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Q&A: Callie Johnson, Micazook

3D games are one of the growing trends in mobile gaming, and UK-headquartered developer and publisher Micazook is a company that made a commitment to develop 3D games from their entrance into the industry. Micazook are now taking the leap into multiplayer, and Games on Deck talks to Callie Johnson, Micazook's marketing manager.

Mathew Kumar, Blogger

September 27, 2007

8 Min Read

Title3D games are one of the growing trends in mobile gaming, and UK-headquartered developer and publisher Micazook is a company that made a commitment to develop 3D games from their entrance into the industry. Micazook are now taking the leap into multiplayer, and Games on Deck talks to Callie Johnson, Micazook's marketing manager.

Games On Deck: Tell us about Micazook.

Callie Johnson: Micazook is a privately held company with over 80 employees and its headquarters situated in the UK. Micazook also has development houses in Poland and Ukraine at the moment, with plans to expand to the USA. The company is part of a group of companies with activities spanning from game development and publishing to software consultancy services within the media, financial and corporate sectors.

We took a keen interest in the mobile gaming sector in 2004 and began to develop a presence in this market initially as a publisher and have since expanded our development teams rapidly. Since 2004 we have built up a strong and extensive publishing presence with relationships with carriers such as Vodafone, Orange, and T-mobile.

Micazook's Publishing reach extends from Europe, Asia and we are extending our commitment to the USA at the moment too.

One of main commitments from the beginning was to develop 3D games. Now I know that sounds crazy and was until very recently, but the shift toward more powerful handsets are making 3D gaming a reality in today's market place. We now see more and more publishers releasing 3D games than ever before which I think is a positive move forward. During the past 3 years we have worked very hard in developing some of the fastest and most advanced 3D engines on the market place in J2me, Symbian and Brew. Our Blade 3D and Neutron 3D engines are our flagship engines designed for indoor and outdoor scenes and we released, amongst others, Covert Ops, 4x4 Monster Trucks and 4x4 Ultimate Power using them.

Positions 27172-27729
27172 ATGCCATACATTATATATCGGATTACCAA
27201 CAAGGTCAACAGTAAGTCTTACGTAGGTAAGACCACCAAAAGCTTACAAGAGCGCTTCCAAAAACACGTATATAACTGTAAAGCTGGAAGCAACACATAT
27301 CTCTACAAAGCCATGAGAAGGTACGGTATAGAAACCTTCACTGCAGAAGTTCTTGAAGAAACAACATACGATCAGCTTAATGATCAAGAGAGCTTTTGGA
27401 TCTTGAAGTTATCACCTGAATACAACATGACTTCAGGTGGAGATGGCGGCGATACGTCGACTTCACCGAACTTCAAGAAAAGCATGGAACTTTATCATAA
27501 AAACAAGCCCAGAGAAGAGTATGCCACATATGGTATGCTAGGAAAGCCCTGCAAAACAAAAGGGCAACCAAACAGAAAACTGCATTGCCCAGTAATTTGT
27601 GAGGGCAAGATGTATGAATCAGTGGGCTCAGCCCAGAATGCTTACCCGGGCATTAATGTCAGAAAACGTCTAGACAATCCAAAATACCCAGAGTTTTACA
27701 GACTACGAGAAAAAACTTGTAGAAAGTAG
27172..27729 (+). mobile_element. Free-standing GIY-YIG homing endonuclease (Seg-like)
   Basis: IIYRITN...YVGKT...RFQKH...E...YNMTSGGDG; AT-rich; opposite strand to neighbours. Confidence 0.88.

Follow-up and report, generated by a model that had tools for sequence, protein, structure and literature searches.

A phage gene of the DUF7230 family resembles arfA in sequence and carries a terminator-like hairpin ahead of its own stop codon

GOD: Why concentrate on 3D?

CJ: We produce 3D games because this is our strategy. We are a 3D games publishing house and we will continue to publish 3D games as long as the public continues to buy them. I think just like the early PC market the mobile CPUs are becoming more and more powerful and we see a synergy between the late 1980 games industry and today's mobile games industry. The shit from 2D to 3D is getting stronger and although 2D will play a part in the future of mobile gaming, I think 3D will eventually be the stronger force.

4x4 Monster Trucks

GOD: Tell us about recent Micazook titles that you consider particular successes.

CJ: 4x4 Monster Trucks has certainly out performed our expectations on the Vodafone live decks where it was released in July 2007 and we continue to see a strong demand for the game from the public and other carriers.

One of biggest success stories has to be TMNT Power of 4, which topped several chart positions in Asia, USA and Europe and our cooperation with Mocondi and Uclick in the USA to collectively publish the title was very successful. We have just released the next TMNT title TMNT Fast Forward together with Mocondi and it already has hit the number one spot on Vodafone Greece this month.

GOD: What challenges does Micazook face as a small developer in the mobile industry?

CJ: I guess compared to Gameloft or EA we are still very small, but I think you could say that we are catching up quite fast.

Challenges are there for all developers and publishers in this market. From a development perspective developing games across a wide range of handsets and focusing on development of quality 3D games at the same time does have its head aches.

From a publishing point of view and I think I speak for most publishers here getting the games on to the carriers decks is a challenge that we all face and most of all I think it is a challenge to make good games that the public like to play and buy.

GOD: How does a developer such as Micazook get access to licenses such as TMNT?